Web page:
Free trade and obesity
According to the World Health Organisation, overweight and obesity are BMIs of equal to or greater than 25 and 30, respectively (for adults). It is estimated that in 2016 about 39 per cent of those who are 18 year-old or over the age of 18 were overweight, and about 19 per cent of the world adult population were obese. Needless to say, obesity creates various health problems such as diabetes and cardiovascular diseases. Thus it is important to study the causes of obesity and find out how to prevent it.
Liberalisation means lower standards
It seems to me that market liberalisation and relating deregulation lead to a situation where food manufacturers (especially big corporations) can take advantage of looser regulations about food safety and the environment to sell their products at unfairly competitive and deflated prices.
In many cases, their products are cheap and unhealthy because their products are manufactured under dubious conditions: they exploit cheap labour and use bad chemical substances (which could be harmful to humans) to cut costs; also, their products are high in calories, which appeals to consumers.
As their products are cheap, consumer-friendly and high in calories, consumers buy the unhealthy foods. This could cause them to be overweight. Thus it could be argued that market liberalisation is directly/indirectly linked to obesity.
Recent research has helped me to realise that not only market liberalisation but also trade liberalisation can be a direct/indirect cause of the obesity problem.
Canada and Mexico under NAFTA
For instance, I just pick up the North American Free Trade Agreement (NAFTA); it is well-known that more than 700,000 American jobs have been taken away to foreign countries under the FTA. In addition, NAFTA has been damaging not only the US but also other member states. More importantly, the study showed that the FTA is bad for human health as well.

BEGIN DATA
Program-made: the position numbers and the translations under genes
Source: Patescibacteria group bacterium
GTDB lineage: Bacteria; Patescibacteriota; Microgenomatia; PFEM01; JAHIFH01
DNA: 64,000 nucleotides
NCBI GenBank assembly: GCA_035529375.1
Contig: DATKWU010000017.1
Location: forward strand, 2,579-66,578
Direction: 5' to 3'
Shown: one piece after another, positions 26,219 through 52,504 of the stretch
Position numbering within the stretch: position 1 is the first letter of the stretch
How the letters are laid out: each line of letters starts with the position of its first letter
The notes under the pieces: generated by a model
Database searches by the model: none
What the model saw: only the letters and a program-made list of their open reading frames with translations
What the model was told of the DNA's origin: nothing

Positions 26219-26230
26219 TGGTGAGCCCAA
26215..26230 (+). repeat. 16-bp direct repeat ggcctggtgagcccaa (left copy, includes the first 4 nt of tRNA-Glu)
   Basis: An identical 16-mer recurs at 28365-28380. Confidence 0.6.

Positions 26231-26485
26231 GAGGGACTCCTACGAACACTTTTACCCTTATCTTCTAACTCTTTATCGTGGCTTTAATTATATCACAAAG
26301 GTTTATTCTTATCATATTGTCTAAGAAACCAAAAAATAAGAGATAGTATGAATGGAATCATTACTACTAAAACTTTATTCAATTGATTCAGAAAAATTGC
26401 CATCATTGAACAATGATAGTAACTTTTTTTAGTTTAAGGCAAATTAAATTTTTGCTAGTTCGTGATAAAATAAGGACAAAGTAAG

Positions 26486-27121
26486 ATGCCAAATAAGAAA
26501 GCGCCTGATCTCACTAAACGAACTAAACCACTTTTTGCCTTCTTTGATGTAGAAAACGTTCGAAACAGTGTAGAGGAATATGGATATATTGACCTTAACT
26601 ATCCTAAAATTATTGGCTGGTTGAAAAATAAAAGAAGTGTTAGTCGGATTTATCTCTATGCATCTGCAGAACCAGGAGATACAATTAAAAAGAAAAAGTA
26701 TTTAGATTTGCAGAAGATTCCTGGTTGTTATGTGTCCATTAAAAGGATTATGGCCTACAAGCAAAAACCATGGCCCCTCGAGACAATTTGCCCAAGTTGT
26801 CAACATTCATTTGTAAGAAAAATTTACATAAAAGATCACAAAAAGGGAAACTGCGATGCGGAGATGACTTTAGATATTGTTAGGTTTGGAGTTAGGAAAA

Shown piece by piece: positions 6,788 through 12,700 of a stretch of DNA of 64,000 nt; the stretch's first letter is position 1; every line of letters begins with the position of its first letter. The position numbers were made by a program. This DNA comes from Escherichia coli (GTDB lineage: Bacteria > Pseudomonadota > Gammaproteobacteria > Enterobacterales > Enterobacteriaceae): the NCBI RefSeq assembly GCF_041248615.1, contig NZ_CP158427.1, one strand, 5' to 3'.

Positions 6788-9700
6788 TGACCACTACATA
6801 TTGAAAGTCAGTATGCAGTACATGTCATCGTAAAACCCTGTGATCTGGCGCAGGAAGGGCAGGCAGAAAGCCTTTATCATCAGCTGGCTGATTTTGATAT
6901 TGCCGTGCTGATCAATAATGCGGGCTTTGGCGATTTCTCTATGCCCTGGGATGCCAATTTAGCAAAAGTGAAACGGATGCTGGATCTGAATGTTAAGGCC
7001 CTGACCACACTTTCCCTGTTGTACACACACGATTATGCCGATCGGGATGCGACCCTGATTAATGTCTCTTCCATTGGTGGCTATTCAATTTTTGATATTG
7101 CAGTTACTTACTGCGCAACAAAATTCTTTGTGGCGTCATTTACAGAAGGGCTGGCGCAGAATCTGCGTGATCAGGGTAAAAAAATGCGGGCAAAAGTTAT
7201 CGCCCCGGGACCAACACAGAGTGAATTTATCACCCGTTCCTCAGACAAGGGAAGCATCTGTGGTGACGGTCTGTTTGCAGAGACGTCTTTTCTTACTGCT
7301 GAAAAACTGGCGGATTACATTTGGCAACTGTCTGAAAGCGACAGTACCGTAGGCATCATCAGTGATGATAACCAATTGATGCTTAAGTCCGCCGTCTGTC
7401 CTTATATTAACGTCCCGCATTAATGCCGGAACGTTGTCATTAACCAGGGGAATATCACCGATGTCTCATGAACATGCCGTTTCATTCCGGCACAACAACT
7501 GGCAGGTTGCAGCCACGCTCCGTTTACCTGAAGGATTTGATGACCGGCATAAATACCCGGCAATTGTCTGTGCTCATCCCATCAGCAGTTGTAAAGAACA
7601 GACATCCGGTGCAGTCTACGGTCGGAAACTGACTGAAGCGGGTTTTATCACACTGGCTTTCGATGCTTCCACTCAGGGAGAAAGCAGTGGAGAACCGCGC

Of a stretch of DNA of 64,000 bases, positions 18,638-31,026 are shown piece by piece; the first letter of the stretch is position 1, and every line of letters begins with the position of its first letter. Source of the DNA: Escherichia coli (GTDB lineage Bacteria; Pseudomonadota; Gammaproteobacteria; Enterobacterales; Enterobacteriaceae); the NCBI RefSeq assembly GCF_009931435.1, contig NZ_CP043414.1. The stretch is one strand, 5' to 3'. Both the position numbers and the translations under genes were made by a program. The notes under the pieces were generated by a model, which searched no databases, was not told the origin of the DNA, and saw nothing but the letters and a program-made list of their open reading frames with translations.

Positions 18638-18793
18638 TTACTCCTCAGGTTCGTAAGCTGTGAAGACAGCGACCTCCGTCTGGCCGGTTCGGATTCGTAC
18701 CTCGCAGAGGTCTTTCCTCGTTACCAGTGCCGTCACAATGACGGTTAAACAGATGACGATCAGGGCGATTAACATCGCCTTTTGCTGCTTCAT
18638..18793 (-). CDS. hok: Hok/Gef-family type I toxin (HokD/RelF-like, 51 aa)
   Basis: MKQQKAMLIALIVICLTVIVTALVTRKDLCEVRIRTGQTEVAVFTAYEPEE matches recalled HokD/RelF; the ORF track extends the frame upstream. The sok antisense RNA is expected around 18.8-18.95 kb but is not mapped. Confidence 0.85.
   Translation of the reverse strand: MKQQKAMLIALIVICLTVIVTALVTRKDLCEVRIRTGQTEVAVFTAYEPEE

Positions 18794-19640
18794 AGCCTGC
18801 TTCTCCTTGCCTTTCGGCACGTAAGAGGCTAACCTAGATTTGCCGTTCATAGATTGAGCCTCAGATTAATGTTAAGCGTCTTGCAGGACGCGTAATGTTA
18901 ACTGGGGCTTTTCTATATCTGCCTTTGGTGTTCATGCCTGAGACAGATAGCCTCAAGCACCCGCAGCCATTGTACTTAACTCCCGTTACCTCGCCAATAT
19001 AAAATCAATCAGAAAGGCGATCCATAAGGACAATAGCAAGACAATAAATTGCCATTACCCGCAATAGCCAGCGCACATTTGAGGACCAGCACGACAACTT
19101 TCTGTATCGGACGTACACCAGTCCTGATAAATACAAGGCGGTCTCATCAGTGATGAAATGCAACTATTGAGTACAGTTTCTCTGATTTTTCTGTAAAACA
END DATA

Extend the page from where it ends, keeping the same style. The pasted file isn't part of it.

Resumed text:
After NAFTA came into effect, American fast-food/confectionery companies flooded the Mexican or Canadian market with unhealthy foods. The Mexican and Canadian consumers chose to buy them due in large part to their deflated prices. Also the Canadian government agreed to phase out a 5 per cent tariff on high-fructose corn syrups (but they maintained protections on sugar- and beet-based syrup). As tariffs on food ingredients reduced, the prices of those ingredients decreased, which encouraged food manufacturers to use more of them. In Canada, the corn syrup consumption was 21.2 calories per day in 1994, and the figure soared to 62.9 in 1998. It seems to me that it’s obvious that when multinational corporations such as Coca-Cola make a huge investment in advertising, consumers easily get attracted because their products are cheap and customer-friendly. (I note that the reason why their products are cheap is because they exploit cheap labour to manufacture their goods; in general multinationals move their factories to those countries where both average wages and labour standards are low.)